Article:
Good luck, and here to support x
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canadamom12
Quote:

canadamom12,
You are waiting to start FBT, but I want to let you know that FBT really means that YOU are in charge of her nutrition so it seems to me that you have already started. The team can help you with ideas on how to feed her more and handle the upsets etc., but you will be the main doctor, therapist, dietitian. So how do we get you to feed her more. 
You had mentioned in another thread that your employer is flexible, so if you need to take time off work to just feed her, can you do it comfortably?

Where in Canada are you located? If you don't mind us knowing. There may be someone near you that you can connect with. 
How many calories do you have her eating?We can help you increase so that the weight gain (ie  beginning of healing) is faster. 

What are you struggling with right now? We can all help you with that.




We are located just north of Toronto. I know that FBT is mostly at home, it just feels frustrating that there’s such a demand for service that we have to wait four months to get in. And the nurse practitioner has had a phone conversation to say we are doing a really good job so far, considering we haven’t seen them yet, but she doesn’t want us to increase her cals too quickly or else we could do real damage to her as well.
Thankfully we will be monitored by our GP every other week while we are in limbo mode to ensure she is doing okay and gaining.

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canadamom12
edhater wrote:
I am in Ontario, Canada. In fact, it was a year ago this weekend that we realized our daughter was in trouble. That is, it was this weekend when it all came together and made sense and I knew "omg, my daughter has an eating disorder." We got a referral to an outpatient ED Hospital Clinic immediately and our first appointment was set for late February. In the meantime, we found a private dietitian that was current and FBT-minded and we saw her 3 times over the next 2 months. As per her advice, we started refeeding. We were in the throes of refeeding and weight was coming on by our February apppointment at the Hospital. In hindsight, I am so glad that we started feeding immediately. That dietitian pointed us in the right direction. Without question, she showed us how to stop our D from getting sicker by telling us what to do. Recovery had begun.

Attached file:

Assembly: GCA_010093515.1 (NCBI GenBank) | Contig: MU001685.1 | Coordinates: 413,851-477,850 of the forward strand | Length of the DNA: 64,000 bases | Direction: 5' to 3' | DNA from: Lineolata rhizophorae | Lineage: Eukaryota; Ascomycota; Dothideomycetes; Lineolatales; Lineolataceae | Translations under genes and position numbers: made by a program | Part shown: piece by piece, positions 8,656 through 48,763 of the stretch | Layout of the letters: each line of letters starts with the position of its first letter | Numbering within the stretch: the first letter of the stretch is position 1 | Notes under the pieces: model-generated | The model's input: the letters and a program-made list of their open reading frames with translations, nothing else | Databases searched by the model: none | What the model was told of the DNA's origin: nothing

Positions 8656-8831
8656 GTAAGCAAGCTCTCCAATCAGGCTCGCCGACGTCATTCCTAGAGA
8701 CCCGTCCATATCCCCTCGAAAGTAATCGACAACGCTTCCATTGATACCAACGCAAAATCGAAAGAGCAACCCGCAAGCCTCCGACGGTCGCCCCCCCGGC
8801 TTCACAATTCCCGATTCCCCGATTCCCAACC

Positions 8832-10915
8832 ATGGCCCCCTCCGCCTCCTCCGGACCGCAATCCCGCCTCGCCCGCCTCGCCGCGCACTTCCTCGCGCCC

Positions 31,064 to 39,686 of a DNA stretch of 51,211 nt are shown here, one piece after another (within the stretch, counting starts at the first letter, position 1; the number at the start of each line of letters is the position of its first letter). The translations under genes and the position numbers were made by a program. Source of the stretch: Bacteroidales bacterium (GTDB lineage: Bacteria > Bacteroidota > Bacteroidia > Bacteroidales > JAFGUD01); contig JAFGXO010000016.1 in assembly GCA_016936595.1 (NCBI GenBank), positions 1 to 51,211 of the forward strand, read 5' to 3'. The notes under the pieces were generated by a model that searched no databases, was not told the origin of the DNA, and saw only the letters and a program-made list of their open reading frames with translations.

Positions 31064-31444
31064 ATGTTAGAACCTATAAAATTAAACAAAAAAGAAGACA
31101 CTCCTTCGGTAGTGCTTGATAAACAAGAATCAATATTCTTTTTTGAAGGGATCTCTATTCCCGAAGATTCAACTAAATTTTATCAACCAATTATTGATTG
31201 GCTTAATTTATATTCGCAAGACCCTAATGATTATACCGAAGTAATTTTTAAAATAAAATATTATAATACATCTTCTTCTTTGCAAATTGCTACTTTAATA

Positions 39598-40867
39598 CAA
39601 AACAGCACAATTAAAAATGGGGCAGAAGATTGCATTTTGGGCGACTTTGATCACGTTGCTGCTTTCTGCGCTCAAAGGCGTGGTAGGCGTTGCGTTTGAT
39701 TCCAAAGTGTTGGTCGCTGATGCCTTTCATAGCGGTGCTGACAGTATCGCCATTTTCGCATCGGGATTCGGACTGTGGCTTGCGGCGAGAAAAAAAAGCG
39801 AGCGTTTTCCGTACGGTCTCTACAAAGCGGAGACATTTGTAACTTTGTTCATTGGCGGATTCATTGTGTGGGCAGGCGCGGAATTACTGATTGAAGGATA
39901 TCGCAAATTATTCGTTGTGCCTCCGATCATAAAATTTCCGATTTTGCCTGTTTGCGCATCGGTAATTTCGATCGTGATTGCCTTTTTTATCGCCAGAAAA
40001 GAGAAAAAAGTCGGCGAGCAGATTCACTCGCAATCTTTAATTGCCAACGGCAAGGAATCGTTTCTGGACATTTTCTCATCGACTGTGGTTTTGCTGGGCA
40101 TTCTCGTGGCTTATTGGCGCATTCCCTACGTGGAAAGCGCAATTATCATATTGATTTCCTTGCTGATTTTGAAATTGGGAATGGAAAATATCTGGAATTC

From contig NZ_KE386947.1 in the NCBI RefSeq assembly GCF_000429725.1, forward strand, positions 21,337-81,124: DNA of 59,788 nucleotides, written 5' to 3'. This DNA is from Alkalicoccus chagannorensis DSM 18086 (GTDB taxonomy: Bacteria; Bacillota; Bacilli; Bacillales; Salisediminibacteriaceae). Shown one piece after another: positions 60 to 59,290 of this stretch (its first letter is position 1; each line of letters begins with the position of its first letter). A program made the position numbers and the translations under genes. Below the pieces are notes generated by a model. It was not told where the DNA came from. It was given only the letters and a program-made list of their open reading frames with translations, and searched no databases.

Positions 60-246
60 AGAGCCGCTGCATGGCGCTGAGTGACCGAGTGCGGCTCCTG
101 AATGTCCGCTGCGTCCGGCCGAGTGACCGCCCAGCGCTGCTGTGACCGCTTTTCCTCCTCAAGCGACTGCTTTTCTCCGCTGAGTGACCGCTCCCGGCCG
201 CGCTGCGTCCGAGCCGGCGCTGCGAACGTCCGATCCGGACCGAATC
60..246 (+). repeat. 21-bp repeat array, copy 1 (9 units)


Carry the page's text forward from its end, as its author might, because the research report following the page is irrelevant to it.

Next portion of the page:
Thanks for sharing this and I’m sorry you have had to go through it all. What is your daughter like, one year later? As soon as we saw the GP almost three weeks ago and he confirmed my fears, I launched into research of FBT and we began the refeeding process on our own. The ED clinic has been in touch and they are very positive and encouraging about what we have already done. So I do feel good about that but still feel lost and overwhelmed. As I’m sure all of us parents did when we realized what a giant mountain we were staring up at.
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canadamom12
Mcmum wrote:
Another few of things that we found really helpful:

1. Bop-It: after meals when anxiety was at its highest, my son would be very distressed and this toy gave him something to do with his hands

2. A large yoga ball - for rolling around on, passing between us as a mindless distraction and punching

3. A cat! Not sure how practical a pet is or if you already have them but we got a new kitten who has been a comfort, a distraction and a joy. When my s said he felt no love for anyone or anything, the cat kind of broke through that emotional deadlock. He finds stroking the cat or putting his head towards the cat's head a huge pleasure now, even en there is not much pleasure in life

4. TV lots of it in the first two months. We all sat around together watching more telly than we have ever done in our lives!

For me and my h:

We had a weekly session with a well being counsellor at work. Good for crying, breathing and so on....Also, the cat 😺

Wishing you all the best. It's early morning in the UK - (shout out to all the menopausal women out there!) Hope you have a good day xx



Thank you!

We actually picked up a new puppy two weeks ago. We had put down a deposit in August when none of this was a problem, and as puppy pick up date approached I was filled with dread of adding another new thing that would need all of my attention. But she has been the biggest blessing, as a puppy brings so much joy to everyone, daughter included. Also, I think the puppy heard my silent prayers that I couldn’t handle a really needy dog, because she has been nothing short of amazing.

TV - omg I have never watched so much! After dinner every night my husband, d and I bunker down and get our share of tv! Never watched so much Big Bang Theory in my life!

Thanks for the tips.